Professional groups take unified stand on direct-to-consumer hearing aid sales

David Kirkwood
February 22, 2012

LIVONIA, MI–Although United Healthcare (UHC) and leaders of several professional associations in hearing care sat down last month to talk with one another (see our February 7 post), there’s little sign that the differences between them can be reconciled.

On the one hand, UHC’s subsidiary, hi HealthInnovations, seems fully committed to selling hearing aids directly to consumers. On the other hand, citing grounds of efficacy and patient safety, the main national organizations of hearing healthcare providers strongly oppose the sale of hearing aids without the involvement of a qualified professional.

Recently, the International Hearing Society, the American Academy of Audiology, the American Academy of Otolaryngology–Head and Neck Surgery, the American Speech-Language-Hearing Association, and the Academy of Doctors of Audiology approved “A Joint Statement on Consumer-Administered Hearing Tests and Direct-to-Consumer Hearing Aid Sales.” Given how rarely more than two of these organizations agree on anything, this degree of consensus is noteworthy.



The International Hearing Society (IHS)  played an active role in bringing these often quarrelsome associations together. While most members of the Michigan-based society are hearing instrument specialists, it is the only one of the participating organizations that is also open to audiologists and ENT physicians.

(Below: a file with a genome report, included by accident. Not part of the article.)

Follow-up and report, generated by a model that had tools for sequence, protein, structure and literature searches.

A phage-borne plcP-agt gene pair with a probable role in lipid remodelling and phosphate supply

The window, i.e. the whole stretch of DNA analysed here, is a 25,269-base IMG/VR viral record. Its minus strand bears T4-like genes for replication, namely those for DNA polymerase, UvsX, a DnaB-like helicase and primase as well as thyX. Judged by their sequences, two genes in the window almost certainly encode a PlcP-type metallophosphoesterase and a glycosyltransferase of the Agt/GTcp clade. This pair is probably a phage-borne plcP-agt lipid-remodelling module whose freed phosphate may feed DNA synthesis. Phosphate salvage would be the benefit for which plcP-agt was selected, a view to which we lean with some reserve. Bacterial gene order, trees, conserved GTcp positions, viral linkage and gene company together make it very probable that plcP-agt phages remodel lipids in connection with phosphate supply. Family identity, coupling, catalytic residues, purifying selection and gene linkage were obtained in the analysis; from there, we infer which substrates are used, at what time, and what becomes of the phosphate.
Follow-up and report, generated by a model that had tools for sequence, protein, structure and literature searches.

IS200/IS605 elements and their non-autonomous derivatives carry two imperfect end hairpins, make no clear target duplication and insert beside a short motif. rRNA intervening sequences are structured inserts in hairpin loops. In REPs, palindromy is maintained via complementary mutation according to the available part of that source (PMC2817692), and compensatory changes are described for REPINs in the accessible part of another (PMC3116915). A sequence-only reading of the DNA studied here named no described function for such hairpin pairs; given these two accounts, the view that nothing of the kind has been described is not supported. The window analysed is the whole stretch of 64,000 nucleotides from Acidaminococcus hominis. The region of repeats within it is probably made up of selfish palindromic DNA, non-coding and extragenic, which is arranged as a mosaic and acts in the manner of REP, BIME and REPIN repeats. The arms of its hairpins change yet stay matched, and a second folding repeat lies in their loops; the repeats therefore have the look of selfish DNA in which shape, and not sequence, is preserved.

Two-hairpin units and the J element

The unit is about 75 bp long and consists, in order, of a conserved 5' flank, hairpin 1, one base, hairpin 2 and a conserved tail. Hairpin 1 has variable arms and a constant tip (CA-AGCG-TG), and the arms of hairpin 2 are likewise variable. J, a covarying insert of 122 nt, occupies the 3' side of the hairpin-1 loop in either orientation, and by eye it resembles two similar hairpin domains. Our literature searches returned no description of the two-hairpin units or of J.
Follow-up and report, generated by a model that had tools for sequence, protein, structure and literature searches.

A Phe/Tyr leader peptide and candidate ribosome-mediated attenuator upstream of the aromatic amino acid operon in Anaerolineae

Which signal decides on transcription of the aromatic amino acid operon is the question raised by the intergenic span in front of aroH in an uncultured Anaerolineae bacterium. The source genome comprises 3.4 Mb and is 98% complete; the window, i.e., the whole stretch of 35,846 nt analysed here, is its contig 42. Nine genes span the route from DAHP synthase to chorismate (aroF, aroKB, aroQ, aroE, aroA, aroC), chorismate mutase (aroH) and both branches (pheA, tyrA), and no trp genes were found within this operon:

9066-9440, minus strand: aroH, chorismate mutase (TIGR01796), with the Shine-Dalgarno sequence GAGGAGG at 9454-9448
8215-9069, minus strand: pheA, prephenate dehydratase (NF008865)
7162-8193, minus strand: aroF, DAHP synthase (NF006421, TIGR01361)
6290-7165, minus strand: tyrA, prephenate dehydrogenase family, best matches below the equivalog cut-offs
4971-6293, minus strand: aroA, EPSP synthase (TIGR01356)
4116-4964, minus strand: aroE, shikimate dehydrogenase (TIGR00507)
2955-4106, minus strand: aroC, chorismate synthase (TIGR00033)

On February 9, IHS Executive Director Kathleen Mennillo e-mailed the joint statement to all her group’s members. In an accompanying message, she wrote:

“Your IHS leaders want you to feel completely confident that IHS is building alliances with our organized audiology and otolaryngology colleagues – to the benefit of the industry and the consumers we serve. It is obvious in this changing market that hearing healthcare requires a team and each of us is a necessary part of the puzzle.” Mennillo urged IHS members to share the joint statement  with their patients to illustrate the concerns that all types of hearing healthcare professionals feel about direct-to-consumer hearing aid sales.



In their statement (which can be read in full at the IHS web site), the five organizations say that they “believe that patients must have access to a comprehensive hearing evaluation performed by a hearing health professional, be appropriately fitted by an individual licensed/registered in the state to dispense hearing aids, and have access to auditory rehabilitation and counseling to ensure appropriate fit and use of the hearing aid device.”

The statement also notes, “Federal and state laws related to the dispensing of a hearing aid are currently in place to protect and ensure consumer safety.” Among these, it says, are state laws that “recognize the importance of consumer protection and safety by placing restrictions on the dispensing of hearing aids by direct mail and/or the Internet.”

The statement concludes, “All of our organizations have both health and efficacy concerns about the use of consumer-administered hearing tests and the direct sale of hearing aids to the consumer without the involvement of a licensed hearing health professional–an audiologist, hearing aid specialist, or otolaryngologist. We encourage our respective members and other hearing health care providers to work collaboratively to ensure patient safety and enhance consumer protections related to the purchase of hearing aids and related devices.”

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